I’m not sure why it will not read the chip.
Stripped the breadboard to only the 7805 regulator, support diode, indicator LED, resistor for LED, capacitor across VCC/GND.
Verified +4.98vdc on power rails, red=+ blue=-
Installed a NEW AT Tiny-13 10PU (Internal OSC type chip, 10MHz)
Inserted color coded solid core 22ga as follows into programmer cable.
(1) - Yel(a) MISO
(2) - Red VCC
(3) - Wht SCLK
(4) - Yel(b) MOSI
(5) - Grn RESET
(6) - Blk GND
Connected as follows to chip
(5) 1—U---8 (2)
() 2--------7 (3)
() 3--------6 (1a)
(6) 4--------5 (4b)
Connected IC-4 to GND on breadboard
Connected IC-8 to VCC on breadboard
Applied 9VDC to 7805, got 5v, programmer stopped blinking.
Told BASCOM to identify chip…
STK500 Compatible Program Set
stk500v2_cmd(): failed to read signature
stk500v2_disable(): failed to leave programming mode, got 0x01
Programmed 3pi with BASCOM as follows…
Lcd "OSC Mode"
Config Portd = Output
So now it sits there running an output… I turned the 3pi into a function generator / OSC… connected 3pi ground to breadboard ground via expansion connector. Connected 3pi Portd.0 to 1K resistor to AT TINY-13 clock input (pin 2) so that it is being driven by an external clock… again using expansion connector… verified output pulses.
Tried process again… no change.
Did I miss something?
My next step is to build a parallel programmer and try it with my other laptop… I have no clue why the programmer will program the 3pi and not the AT TINY 13 or the MEGA 88… it’s just weird.
And… I tried swapping MOSI and MISO but that didn’t do it either… I’m certain I have it wired correctly.
One thing I should point out is that the Orangutan USB programmer was designed to be a programmer for our Orangutan robot controllers and 3pi robot; we do not explicitly support using it with other AVRs like we do with our newer Pololu USB AVR programmer. That said, I would expect it to work on the ATmega88, and we have used successfully with other AVRs (including the ATtiny2313, I believe).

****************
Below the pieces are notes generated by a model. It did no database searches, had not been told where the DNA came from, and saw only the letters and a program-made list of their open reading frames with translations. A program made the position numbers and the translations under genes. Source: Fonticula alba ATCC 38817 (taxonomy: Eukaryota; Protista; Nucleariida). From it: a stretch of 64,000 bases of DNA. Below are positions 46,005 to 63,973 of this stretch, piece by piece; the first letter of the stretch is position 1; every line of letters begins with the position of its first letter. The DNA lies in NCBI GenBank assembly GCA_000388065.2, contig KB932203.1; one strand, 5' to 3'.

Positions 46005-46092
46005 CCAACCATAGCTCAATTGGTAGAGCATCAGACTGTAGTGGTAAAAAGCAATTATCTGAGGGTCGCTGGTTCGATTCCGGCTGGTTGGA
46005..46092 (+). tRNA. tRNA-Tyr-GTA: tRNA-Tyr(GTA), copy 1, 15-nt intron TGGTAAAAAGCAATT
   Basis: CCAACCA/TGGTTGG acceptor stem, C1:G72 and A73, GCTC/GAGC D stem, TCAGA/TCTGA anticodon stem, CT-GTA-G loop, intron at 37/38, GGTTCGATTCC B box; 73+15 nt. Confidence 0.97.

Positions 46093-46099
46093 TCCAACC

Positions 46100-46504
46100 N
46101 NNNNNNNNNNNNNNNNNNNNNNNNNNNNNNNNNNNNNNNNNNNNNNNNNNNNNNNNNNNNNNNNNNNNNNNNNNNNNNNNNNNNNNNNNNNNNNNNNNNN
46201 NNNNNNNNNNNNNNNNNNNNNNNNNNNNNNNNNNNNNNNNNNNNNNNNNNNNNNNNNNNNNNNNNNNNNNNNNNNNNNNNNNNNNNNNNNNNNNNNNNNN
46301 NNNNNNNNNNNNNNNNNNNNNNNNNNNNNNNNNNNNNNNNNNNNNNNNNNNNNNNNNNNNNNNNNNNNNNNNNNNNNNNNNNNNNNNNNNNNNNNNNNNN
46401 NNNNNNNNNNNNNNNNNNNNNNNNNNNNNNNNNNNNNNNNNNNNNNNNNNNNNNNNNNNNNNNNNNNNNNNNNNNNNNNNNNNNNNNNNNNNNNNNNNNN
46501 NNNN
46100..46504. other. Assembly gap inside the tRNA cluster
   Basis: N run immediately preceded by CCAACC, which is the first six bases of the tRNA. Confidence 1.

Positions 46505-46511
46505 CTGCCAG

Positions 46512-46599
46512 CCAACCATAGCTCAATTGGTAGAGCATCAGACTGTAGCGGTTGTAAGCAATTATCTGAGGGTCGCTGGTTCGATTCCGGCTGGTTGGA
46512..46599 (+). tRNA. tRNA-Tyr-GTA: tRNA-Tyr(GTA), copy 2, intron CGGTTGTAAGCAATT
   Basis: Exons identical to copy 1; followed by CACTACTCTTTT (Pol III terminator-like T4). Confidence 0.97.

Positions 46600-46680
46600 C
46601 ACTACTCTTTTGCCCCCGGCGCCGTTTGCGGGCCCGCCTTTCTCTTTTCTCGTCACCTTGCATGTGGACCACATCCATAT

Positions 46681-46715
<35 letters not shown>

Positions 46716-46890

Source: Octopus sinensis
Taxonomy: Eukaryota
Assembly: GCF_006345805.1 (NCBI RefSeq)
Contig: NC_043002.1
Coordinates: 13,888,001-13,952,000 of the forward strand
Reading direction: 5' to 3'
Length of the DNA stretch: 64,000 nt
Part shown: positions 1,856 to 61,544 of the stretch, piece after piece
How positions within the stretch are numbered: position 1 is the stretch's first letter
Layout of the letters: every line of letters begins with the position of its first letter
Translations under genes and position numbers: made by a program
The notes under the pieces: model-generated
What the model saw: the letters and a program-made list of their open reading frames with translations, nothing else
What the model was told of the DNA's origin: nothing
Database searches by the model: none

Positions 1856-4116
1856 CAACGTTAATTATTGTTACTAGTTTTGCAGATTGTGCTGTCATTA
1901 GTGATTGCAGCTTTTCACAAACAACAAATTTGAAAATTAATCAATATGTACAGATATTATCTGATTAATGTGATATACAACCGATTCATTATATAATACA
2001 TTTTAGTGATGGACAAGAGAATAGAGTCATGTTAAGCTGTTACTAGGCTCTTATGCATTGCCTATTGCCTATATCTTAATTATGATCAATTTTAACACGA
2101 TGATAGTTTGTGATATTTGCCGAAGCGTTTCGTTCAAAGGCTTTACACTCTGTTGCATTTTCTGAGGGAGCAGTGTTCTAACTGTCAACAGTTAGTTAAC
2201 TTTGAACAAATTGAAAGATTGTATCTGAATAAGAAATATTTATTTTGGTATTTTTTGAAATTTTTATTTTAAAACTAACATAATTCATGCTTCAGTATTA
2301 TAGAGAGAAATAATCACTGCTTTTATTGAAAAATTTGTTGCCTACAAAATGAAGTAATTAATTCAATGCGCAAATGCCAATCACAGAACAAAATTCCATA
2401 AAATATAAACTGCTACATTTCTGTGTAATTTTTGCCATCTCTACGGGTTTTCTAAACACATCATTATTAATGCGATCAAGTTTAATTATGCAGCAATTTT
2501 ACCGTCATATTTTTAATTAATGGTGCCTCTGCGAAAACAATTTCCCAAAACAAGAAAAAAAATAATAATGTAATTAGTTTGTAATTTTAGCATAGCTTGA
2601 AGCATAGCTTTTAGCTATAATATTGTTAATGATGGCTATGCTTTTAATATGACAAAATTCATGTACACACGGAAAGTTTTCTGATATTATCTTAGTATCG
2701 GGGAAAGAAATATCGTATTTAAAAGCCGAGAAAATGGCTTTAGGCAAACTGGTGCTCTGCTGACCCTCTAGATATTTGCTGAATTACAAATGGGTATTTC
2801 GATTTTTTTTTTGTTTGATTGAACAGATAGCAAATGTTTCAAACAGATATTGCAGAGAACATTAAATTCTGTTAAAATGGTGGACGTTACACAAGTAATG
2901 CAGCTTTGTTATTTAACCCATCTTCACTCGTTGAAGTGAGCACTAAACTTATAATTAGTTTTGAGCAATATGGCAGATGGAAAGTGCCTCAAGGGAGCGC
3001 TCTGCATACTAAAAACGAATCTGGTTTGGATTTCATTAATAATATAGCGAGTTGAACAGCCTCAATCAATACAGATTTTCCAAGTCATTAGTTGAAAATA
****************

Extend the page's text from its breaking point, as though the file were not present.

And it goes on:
Where is your indicator LED connected and how are you connecting the support diode?
The circuit is pretty straightforward…
A simple 5 volt supply and a chip connected to the programmer via jumpers. The only thing I noticed different in the 3pi schematic was that it had a .1uF capacitor between reset and ground. I’m wondering if that would make a difference? As I said… I tried it with nothing connected to the Tiny-13 Pin-2 (CLCKI) and again with the output of the 3pi via a resistor to clock the pin.
I’ll get a .1uF cap and a 10MHz ceramic resonator (ZTT-10.00MG) on order… but I have never had this much trouble getting a chip to program.
If you see something I missed, please let me know… I’ve programmed thousands of AVRs using a simple parallel programmer… hand built at least 100 of them for school kids… 4 (150 ohm) resistors, 1 (0.0022uF) cap, a D-sub (25) connector and a back-shell.
They all worked fine.
I really want to continue programming but use my new laptop. (No parallel port)
One thing to check is the ISP frequency that the programmer is using. The ISP frequency must be less than 1/4 of the target clock frequency, which would be 1.25 MHz / 4 = 312.5 kHz (since the default fuse settings have the divide-by-8 clock bit set). The programmer can support higher ISP frequencies than this, and these higher frequencies will not work on your ATtiny until you disable the divide-by-8 fuse.
Other than that, I’m out of ideas. It would be good for you to try it using something other than BASCOM; can you see if it works with AVRDUDE or AVR Studio?
- I went to AVR Studio 4, connected to the 3pi (Mega 168 internally) and told it to “Auto Connect”…It connected.